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Persons with the human immunodeficiency virus (HIV) have a much higher incidence of non-Hodgkin’s lymphoma (NHL) compared to persons without the virus. Because HIV weakens the immune (infection fighting) system of the body, NHL treatment is not aggressive and is associated with a poor prognosis. Recently, however, researchers have reported the successful treatment of HIV related NHL with autologous stem cell transplantation and anti-viral therapy.

Non-Hodgkin’s lymphoma is a cancer of the lymph tissue, which is part of the immune system in the body. Lymph tissue is present in lymph nodes, lymph vessels and bone marrow, which exist throughout the body. It is also present in organs such as the thymus, tonsils, and spleen. One of the main cells in the lymph system is the lymphocyte, of which there are two types: B and T-cells. Each of these cells has a very specific function in aiding the body to fight infection. The large majority of NHL cases involve cancer of the B- lymphocytes, characterized by the excessive multiplication of these atypical cells. These cancerous cells can crowd lymph tissue causing suppression of normal formation and function of other cells normally found in this tissue. Because lymphocytes can travel virtually anywhere in the body through blood or lymph fluid, lymphomas can occur in sites other than lymph tissue, such as the gastrointestinal tract or the brain.

Patients with NHL who fail to respond to initial chemotherapy or have a recurrence (return of cancer) may be treated with additional high-dose chemotherapy followed by autologous stem cell transplantation (SCT). Chemotherapy targets and kills rapidly dividing cells, such as cancer cells. Although chemotherapy is effective at killing cancer cells, treatment does not differentiate between cancer cells and healthy cells. High-dose chemotherapy kills more cancer cells than lower dose conventional chemotherapy. Unfortunately, high-dose chemotherapy also kills more normal cells, especially the blood producing stem cells in the bone marrow. The treatment strategy utilizing stem cell transplant is an attempt to restore the blood producing stem cells after high-dose chemotherapy has reduced them to dangerously low levels. Stem cells are immature cells produced in the bone marrow (spongy material inside bones). Stem cells eventually become either red blood cells which provide oxygen to tissues, white blood cells which fight infection, or platelets which aid in blood clotting. When high-dose chemotherapy is destroying cancer cells it is also killing the bone marrow stem cells. When bone marrow is destroyed, stem cells are depleted leading to low levels of circulating blood cells. When these cells reach critically low levels, complications such as anemia, bleeding and infection can occur which may result in death. Thus, it is imperative to restore stem cell levels as quickly as possible, particularly in patients with HIV whose immune system is already compromised. In autologous (self) SCT, the patient’s own stem cells are collected before chemotherapy treatment, frozen, and infused back into the patient after treatment to “rescue” the bone marrow.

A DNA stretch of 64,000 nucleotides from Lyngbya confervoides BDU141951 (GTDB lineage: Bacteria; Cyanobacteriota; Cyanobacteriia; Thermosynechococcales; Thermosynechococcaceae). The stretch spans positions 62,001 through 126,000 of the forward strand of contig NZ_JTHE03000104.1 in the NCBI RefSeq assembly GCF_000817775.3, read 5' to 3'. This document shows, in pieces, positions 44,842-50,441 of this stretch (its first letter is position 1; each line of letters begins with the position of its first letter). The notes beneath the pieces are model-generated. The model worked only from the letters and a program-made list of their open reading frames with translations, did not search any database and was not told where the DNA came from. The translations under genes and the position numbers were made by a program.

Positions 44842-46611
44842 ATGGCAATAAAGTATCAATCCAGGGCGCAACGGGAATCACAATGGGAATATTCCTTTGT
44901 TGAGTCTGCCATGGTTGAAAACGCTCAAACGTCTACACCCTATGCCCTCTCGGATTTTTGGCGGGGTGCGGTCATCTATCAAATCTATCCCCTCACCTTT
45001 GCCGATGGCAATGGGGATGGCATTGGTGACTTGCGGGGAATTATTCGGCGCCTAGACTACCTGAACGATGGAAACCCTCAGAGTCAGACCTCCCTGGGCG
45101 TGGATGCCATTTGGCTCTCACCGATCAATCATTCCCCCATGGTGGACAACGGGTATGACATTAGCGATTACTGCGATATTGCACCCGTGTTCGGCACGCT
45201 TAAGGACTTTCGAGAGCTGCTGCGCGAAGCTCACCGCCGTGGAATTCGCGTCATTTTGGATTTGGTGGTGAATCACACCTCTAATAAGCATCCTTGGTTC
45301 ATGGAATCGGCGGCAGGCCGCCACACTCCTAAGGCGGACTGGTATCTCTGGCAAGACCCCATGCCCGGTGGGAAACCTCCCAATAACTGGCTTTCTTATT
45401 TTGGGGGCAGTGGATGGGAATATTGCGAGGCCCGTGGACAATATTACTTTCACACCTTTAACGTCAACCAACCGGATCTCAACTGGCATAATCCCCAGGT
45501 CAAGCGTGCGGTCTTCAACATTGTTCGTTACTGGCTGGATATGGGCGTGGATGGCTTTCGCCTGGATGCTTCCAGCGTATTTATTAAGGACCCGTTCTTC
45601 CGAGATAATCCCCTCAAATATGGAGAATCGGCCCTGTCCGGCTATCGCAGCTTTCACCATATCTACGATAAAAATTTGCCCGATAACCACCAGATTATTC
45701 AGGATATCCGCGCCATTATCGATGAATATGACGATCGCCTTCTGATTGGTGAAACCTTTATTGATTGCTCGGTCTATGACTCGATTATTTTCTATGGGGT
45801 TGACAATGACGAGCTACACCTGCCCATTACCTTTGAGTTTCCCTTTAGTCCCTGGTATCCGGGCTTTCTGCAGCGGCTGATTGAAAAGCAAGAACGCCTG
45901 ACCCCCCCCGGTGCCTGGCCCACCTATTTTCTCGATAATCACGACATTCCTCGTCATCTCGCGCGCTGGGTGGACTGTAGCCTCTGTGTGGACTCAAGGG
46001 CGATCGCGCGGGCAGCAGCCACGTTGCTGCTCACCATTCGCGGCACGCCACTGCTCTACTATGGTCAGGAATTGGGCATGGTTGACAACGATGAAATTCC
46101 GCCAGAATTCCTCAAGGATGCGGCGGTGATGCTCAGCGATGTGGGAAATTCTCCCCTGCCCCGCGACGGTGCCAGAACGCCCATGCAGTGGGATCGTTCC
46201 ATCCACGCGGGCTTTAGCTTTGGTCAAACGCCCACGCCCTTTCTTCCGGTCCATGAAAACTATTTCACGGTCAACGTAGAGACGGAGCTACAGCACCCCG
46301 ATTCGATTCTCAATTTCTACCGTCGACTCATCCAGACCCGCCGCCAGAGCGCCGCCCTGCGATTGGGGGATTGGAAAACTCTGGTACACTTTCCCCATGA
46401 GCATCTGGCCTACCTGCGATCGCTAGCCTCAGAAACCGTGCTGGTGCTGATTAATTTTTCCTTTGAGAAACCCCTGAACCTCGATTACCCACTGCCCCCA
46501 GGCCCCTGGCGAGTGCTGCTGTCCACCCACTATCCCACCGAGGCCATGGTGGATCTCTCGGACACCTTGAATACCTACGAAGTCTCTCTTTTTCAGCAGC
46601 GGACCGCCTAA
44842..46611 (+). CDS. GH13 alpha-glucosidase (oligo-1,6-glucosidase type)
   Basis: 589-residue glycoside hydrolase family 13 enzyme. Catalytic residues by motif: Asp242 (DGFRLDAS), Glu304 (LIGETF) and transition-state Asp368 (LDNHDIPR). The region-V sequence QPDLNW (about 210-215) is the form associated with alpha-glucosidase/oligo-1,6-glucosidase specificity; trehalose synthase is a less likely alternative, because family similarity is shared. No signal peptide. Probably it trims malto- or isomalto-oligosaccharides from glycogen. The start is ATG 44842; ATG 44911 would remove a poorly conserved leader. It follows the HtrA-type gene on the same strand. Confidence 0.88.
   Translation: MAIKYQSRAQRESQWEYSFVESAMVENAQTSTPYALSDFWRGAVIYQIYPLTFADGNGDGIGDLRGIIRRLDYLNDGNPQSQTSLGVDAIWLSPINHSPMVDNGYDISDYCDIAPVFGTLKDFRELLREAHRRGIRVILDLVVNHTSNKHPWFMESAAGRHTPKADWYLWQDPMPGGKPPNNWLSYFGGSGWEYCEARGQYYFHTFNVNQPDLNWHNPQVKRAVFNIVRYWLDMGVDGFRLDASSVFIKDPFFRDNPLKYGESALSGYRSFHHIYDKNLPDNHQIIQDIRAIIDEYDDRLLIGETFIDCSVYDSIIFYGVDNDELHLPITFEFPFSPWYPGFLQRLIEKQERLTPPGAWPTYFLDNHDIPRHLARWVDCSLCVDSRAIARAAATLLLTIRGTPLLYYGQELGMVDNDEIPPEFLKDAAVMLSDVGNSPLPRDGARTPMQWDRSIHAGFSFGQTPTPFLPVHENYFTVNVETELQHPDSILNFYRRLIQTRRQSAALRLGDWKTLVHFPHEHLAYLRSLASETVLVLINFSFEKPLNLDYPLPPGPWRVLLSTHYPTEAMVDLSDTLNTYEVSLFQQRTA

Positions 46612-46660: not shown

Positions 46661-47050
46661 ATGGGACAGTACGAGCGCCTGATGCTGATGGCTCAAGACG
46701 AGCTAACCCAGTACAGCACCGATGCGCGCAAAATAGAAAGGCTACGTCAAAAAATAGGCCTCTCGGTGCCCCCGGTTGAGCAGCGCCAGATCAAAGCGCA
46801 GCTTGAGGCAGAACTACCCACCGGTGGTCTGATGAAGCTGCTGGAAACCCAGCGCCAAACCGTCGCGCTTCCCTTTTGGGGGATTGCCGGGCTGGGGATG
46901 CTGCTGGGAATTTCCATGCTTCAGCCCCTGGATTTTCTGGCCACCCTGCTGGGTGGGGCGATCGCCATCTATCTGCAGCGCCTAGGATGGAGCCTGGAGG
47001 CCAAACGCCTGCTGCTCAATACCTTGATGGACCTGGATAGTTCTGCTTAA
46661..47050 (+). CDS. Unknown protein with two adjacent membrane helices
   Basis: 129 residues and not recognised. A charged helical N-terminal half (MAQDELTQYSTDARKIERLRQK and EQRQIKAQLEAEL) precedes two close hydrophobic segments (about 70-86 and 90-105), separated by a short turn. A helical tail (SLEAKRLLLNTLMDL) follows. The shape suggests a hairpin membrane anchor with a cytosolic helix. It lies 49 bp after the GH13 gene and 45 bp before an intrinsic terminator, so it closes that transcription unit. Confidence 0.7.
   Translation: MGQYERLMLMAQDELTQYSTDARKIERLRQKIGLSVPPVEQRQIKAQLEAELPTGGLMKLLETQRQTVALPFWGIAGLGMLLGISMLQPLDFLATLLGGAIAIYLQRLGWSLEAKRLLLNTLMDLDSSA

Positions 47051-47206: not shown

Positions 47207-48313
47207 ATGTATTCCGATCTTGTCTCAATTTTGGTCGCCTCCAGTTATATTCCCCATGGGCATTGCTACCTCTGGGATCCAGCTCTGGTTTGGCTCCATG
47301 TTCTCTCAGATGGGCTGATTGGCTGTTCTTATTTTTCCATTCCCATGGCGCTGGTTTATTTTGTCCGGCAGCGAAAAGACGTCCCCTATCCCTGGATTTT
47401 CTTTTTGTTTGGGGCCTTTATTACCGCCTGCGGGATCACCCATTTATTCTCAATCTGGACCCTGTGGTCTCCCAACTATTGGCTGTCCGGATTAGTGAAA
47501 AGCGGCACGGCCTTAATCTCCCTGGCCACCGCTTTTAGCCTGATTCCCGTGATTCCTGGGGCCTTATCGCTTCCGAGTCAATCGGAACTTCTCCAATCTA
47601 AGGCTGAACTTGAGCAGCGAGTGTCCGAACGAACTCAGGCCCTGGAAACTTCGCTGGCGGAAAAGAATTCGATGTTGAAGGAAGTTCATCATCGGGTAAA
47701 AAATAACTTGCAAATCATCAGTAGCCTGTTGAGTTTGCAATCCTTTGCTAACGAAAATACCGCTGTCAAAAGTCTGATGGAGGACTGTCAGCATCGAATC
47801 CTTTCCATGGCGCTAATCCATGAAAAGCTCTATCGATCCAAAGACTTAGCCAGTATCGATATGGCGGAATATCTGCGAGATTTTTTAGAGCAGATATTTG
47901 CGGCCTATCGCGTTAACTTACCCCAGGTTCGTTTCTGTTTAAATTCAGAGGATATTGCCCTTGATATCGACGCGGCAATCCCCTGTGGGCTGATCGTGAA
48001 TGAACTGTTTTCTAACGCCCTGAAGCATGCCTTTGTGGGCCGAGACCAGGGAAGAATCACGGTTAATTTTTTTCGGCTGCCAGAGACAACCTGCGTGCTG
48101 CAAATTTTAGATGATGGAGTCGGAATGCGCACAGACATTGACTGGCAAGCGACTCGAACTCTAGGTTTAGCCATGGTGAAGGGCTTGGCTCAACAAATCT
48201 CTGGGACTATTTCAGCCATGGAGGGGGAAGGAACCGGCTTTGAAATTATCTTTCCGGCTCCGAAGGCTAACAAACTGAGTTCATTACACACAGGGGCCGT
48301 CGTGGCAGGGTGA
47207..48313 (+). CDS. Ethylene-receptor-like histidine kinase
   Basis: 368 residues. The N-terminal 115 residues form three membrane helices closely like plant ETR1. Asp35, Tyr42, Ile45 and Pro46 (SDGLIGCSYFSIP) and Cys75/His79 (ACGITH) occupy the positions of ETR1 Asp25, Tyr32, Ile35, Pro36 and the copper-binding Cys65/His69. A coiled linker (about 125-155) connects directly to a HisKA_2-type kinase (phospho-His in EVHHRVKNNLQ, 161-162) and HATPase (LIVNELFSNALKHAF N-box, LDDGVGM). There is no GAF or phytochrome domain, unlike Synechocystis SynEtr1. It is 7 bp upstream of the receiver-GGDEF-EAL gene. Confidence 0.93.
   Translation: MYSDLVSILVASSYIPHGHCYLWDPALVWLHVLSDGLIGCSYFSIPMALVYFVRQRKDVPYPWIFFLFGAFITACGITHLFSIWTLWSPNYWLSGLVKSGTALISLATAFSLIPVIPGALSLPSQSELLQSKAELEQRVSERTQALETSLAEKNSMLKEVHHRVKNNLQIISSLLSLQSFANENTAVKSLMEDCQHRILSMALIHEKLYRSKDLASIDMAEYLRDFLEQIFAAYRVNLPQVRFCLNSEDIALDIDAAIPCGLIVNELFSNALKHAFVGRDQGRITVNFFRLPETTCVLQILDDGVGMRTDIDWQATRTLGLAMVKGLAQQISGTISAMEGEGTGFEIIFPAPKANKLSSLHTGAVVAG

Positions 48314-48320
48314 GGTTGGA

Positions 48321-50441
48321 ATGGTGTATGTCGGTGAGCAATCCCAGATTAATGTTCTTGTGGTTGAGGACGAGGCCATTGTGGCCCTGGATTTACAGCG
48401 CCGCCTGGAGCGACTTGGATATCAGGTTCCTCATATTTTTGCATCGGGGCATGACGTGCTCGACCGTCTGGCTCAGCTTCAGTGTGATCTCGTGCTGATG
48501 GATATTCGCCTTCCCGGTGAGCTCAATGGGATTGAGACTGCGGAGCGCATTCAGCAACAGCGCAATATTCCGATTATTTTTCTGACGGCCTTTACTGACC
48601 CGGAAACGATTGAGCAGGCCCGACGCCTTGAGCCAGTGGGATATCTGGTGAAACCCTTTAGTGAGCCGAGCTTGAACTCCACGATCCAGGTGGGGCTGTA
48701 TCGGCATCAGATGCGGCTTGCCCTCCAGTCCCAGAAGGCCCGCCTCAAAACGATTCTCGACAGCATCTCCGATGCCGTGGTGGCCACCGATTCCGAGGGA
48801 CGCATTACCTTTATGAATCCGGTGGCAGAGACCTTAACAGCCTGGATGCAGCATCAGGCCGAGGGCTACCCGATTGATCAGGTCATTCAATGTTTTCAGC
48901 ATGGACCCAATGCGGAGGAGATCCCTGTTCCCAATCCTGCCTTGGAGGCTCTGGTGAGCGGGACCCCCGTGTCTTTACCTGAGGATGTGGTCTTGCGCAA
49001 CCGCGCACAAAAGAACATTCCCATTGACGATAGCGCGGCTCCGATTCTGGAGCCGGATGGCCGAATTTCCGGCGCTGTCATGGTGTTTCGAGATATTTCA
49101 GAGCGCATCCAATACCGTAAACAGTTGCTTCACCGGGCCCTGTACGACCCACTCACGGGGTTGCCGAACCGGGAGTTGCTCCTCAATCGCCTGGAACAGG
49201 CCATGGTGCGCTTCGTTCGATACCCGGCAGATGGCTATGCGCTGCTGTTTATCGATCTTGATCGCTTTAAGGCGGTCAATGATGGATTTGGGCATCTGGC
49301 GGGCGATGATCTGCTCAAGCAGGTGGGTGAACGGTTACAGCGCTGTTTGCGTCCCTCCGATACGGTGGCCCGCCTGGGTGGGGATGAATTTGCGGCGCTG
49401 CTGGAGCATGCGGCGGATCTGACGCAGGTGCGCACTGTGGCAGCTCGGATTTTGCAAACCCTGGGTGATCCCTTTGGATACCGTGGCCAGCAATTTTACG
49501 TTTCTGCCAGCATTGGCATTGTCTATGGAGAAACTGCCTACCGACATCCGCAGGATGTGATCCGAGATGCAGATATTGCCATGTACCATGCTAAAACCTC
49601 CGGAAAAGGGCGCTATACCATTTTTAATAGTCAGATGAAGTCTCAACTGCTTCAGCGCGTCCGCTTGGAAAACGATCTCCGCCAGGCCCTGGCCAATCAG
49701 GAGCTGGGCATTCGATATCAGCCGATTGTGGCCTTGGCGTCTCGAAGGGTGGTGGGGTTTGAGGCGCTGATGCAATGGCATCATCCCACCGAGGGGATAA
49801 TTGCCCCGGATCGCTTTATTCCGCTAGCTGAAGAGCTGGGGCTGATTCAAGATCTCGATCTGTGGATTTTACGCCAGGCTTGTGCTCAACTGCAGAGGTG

There has been concern regarding autologous SCT in HIV patients because the stem cells to be re-infused would contain HIV. However, researchers recently reported the effectiveness of anti-viral therapy with high-dose chemotherapy and autologous SCT for the treatment of two patients with HIV-related NHL. Prior to the collection of stem cells, the patients received anti-viral treatment to kill HIV infected cells in order to obtain a collection of stem cells that did not contain the virus. After collection, these patients received high-dose chemotherapy and further anti-viral treatment. Both patients had a rapid recovery after the high-dose chemotherapy and SCT and remained in remission an average of 2 years. These remissions are longer than one would expect from conventional dose treatment. This preliminary report indicates that anti-viral treatment with high-dose chemotherapy and autologous SCT is feasible in selected patients with HIV-related NHL. This strategy represents an alternative treatment option that can be investigated further for patients with this disease.

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Patients with HIV-related NHL may wish to talk to their doctor about high-dose chemotherapy treatment with autologous stem cell support or other promising, new treatments. Two sources of information on ongoing clinical trials that can also be discussed with a doctor include comprehensive, easy to use clinical trials listing services provided by the National Cancer Institute ( and also performs personalized clinical trial searches on behalf of patients (Cancer, Vol 89, No 3, pp 680-689, 2000).

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